Sat. Apr 13th, 2024

Trump prepares to run a courtroom campaign: From the Politics Desk

By 37ci3 Mar14,2024



Welcome to the online version of From the policy deskevening bulletin that brings you the latest reporting and analysis from the campaign trail, the White House and Capitol Hill from the NBC News Politics team.

In today’s edition, top national political reporters Matt Dixon and Jonathan Allen report on Donald Trump’s plans to use his time in the courtroom for political gain. Plus, senior Washington reporter Hallie Jackson previews the moments when key questions about the 2024 campaign will be answered.


How Trump plans to use the court is to his advantage

By Matt Dixon and Jonathan Allen

Donald Trump’s campaign is planning to “make lemonade out of lemons” as his political calendar is full of court appearances.

That reality was on display with Trump on Thursday spends his day in a Florida courtroom when his lawyers argued that a federal criminal case related to his handling of classified documents should be dismissed, a judge denied the motion.

Going forward, the former president’s advisers tell NBC News that their strategy will try to portray President Joe Biden as trying to “arrest” his political opponents, muddying the waters between Trump and Biden’s legal challenges, creating and ultimately pushing politically-focused counterprogramming events. postpone trials as much as possible.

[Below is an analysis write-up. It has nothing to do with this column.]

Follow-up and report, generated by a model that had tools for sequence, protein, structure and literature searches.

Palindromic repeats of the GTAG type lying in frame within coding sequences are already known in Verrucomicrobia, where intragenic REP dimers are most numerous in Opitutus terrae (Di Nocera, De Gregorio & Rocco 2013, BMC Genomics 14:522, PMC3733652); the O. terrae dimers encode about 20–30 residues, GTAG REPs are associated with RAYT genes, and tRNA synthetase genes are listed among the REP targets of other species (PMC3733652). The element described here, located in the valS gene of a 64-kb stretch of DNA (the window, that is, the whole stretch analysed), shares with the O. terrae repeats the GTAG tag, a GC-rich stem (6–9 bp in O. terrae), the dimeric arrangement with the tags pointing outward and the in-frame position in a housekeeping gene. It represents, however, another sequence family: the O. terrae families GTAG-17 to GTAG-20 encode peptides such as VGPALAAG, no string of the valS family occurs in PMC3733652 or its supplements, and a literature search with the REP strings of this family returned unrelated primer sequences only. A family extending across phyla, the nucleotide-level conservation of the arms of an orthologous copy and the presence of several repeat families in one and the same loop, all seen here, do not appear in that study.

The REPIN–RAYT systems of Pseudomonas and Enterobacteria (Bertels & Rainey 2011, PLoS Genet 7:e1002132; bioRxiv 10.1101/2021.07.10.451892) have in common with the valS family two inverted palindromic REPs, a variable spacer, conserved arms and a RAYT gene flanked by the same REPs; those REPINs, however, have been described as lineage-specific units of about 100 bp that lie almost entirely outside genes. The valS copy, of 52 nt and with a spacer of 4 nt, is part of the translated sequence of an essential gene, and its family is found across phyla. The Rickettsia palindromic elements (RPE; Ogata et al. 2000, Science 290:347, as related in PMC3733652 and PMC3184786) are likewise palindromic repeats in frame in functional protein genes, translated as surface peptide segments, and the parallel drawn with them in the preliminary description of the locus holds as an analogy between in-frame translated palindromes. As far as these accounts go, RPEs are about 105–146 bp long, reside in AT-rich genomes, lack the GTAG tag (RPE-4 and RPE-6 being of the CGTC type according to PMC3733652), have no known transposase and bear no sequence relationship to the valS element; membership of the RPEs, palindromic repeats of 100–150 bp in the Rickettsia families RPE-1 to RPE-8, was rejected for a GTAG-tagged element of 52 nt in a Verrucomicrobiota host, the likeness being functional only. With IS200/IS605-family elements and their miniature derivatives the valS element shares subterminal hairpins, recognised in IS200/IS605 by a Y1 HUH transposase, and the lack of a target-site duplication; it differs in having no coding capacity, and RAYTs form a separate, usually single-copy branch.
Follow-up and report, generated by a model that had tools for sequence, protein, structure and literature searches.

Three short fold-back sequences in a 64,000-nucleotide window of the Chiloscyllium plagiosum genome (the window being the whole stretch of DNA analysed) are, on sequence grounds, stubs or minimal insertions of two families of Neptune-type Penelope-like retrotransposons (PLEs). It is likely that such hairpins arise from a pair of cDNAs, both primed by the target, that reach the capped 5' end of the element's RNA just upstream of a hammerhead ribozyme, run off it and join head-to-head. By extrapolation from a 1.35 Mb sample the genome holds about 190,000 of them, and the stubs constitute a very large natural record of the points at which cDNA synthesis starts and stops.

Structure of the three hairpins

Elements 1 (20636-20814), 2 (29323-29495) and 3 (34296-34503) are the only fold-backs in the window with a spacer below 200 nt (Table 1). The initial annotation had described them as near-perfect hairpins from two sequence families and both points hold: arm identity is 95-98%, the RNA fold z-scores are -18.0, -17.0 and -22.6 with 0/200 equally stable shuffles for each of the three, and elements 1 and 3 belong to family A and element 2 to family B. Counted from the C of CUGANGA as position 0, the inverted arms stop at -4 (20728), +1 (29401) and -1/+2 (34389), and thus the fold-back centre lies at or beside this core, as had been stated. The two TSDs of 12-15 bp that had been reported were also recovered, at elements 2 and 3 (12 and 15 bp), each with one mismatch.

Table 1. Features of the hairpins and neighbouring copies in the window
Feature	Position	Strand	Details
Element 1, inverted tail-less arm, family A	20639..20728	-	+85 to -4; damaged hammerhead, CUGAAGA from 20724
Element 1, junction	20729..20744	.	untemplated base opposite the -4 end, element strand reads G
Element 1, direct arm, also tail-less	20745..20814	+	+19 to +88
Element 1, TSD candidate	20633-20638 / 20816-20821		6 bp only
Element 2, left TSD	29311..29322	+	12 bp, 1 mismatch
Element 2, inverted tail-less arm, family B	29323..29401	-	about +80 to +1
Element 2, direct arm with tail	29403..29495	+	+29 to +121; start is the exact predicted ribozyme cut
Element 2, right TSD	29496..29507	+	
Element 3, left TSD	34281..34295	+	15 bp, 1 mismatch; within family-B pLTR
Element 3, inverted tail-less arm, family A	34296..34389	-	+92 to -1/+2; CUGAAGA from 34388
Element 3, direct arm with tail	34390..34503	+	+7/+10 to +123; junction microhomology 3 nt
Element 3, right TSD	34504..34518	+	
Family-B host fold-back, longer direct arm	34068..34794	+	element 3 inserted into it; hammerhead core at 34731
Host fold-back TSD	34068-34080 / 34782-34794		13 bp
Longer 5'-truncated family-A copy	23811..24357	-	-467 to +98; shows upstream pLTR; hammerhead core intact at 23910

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The first criminal case related to Trump’s payment of hush money to an adult film star was scheduled to begin on March 25. But Manhattan District Attorney Alvin Bragg said Thursday After Trump’s request for a 90-day delay, he was willing to delay the start of the trial by 30 days.

In addition to the obvious legal pitfalls, the trial will keep Trump in courtrooms almost all day, at least four days a week for more than eight weeks. This means that Trump will sometimes be running for president on a functionally part-time basis.

In the weekends between the test days, Trump is expected to take more policy-driven action, drawing contrasts between his proposals and Biden’s record. On Wednesdays — a non-court day — Trump is expected to focus on fundraising.